An organisation that published a set of downloadable stickers on its website criticising pro-trans policies in schools has issued an apology and removed them.
Just hours after BuzzFeed News published an interview with Transgender Trend's founder, Stephanie Davies-Arai, the group tweeted: "Although we obviously never intended our stickers to be used in schools, we understand people's concerns that they could be used to create conflict between students. This is the last thing we want, so we have withdrawn the stickers from our site. We are sorry, we made a mistake."
Davies-Arai had said when asked about the stickers that schools should out trans pupils to their parents — a breach of all accepted protocol.
The organisation — which sends resource packs to teachers that question what it calls the "trans narrative" — also tweeted: "We oppose all forms of bullying, we support good communication and individualised support."
The stickers included slogans such as "Kids shouldn't be taught in school that they can choose to be a boy or a girl", "Is Rapid Onset Gender Dysphoria the new anorexia?", and "Medical sex-change treatment for children is an experiment." One also asserted that teenagers come out as transgender "after social media binges".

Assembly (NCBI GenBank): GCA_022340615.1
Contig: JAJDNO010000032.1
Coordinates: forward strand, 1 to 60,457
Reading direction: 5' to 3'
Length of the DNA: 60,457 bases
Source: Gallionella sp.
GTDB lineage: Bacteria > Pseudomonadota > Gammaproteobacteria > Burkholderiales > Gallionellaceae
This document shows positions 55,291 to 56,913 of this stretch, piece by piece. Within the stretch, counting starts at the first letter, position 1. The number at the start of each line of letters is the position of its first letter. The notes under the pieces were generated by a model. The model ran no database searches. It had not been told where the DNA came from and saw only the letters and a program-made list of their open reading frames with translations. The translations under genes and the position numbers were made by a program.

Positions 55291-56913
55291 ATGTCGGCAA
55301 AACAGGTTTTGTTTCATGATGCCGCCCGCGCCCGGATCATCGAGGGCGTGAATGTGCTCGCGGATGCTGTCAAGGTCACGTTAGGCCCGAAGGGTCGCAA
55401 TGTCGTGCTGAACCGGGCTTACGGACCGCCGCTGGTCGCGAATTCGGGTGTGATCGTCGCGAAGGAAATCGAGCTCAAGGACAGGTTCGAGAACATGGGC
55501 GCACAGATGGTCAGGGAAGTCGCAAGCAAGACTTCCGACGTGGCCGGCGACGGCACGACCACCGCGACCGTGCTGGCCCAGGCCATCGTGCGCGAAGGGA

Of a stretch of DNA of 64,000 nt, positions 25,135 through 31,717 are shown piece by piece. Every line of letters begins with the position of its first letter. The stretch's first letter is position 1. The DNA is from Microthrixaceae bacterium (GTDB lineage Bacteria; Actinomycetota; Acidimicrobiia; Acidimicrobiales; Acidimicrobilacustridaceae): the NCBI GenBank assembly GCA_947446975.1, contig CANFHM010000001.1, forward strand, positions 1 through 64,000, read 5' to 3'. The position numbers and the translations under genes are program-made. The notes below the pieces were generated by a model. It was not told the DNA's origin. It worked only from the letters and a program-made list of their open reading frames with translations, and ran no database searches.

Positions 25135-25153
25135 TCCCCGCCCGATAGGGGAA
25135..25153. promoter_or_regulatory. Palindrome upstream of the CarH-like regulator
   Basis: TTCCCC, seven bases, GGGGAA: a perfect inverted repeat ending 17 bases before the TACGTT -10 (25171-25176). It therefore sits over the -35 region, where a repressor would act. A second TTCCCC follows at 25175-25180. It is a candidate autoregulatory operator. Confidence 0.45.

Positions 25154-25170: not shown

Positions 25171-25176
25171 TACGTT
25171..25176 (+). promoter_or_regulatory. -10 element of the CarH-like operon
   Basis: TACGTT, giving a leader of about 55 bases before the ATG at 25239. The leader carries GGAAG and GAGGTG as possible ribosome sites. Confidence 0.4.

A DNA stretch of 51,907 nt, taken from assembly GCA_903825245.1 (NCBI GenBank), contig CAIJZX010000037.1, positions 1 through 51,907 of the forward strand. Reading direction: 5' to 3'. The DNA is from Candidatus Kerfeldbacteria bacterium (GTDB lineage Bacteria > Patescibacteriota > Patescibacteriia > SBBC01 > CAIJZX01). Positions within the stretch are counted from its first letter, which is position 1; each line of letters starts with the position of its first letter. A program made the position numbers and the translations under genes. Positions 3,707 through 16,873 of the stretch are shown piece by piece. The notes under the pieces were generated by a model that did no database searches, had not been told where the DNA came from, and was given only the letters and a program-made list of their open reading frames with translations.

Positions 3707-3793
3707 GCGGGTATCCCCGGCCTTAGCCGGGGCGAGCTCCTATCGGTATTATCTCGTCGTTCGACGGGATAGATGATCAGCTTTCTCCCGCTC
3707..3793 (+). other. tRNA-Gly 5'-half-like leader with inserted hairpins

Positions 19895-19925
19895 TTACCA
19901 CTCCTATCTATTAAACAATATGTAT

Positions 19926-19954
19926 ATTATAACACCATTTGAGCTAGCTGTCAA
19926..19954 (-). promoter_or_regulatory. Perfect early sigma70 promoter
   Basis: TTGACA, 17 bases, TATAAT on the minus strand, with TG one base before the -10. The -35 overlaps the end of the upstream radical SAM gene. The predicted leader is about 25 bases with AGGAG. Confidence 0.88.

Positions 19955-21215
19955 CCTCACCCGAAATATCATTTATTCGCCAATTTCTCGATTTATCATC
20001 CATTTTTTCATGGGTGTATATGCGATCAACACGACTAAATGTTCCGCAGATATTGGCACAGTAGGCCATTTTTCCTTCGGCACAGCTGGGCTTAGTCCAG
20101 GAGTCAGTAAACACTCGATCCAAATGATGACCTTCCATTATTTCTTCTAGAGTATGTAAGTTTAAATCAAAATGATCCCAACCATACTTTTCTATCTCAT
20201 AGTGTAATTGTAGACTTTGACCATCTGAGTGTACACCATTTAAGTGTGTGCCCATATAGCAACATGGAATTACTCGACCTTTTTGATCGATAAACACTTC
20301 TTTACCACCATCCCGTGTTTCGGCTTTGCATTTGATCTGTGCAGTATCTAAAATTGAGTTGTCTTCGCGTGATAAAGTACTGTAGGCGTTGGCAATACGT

Transgender Trend still insisted its stickers were "factual", despite children in Britain not being offered medical transition.
Shortly after the apology, social media users cast doubt on the group's claim that it didn't intend the stickers to be used in schools, by sharing previous tweets in which Transgender Trend expressed approval to individuals and other organisations saying they would take the stickers into a range of public places including educational institutions.
Transgender Trend retweeted an organisation saying the stickers were "fantastic" and "great for schools, GPs, community facilities etc" and another saying they would print them out and "stick on the back of every public toilet stall door and bulletin board I can find. Libraries. Shopping malls. Schools. Universities."
A petition on the British parliament's website has now also been launched in response to, its creator Sarah Woodall wrote, a "recent influx of anti-LGBT+ material being sent to schools in England". Such resources "recommend conversion therapy", "encourage school staff to break equality laws", and "give false information regarding the legally available treatment for transgender youth".
The petition has so far attracted over 5,000 signatures. Petitions that attract 10,000 signatures within six months prompt a response from the government, and over 100,000 can trigger a debate in parliament.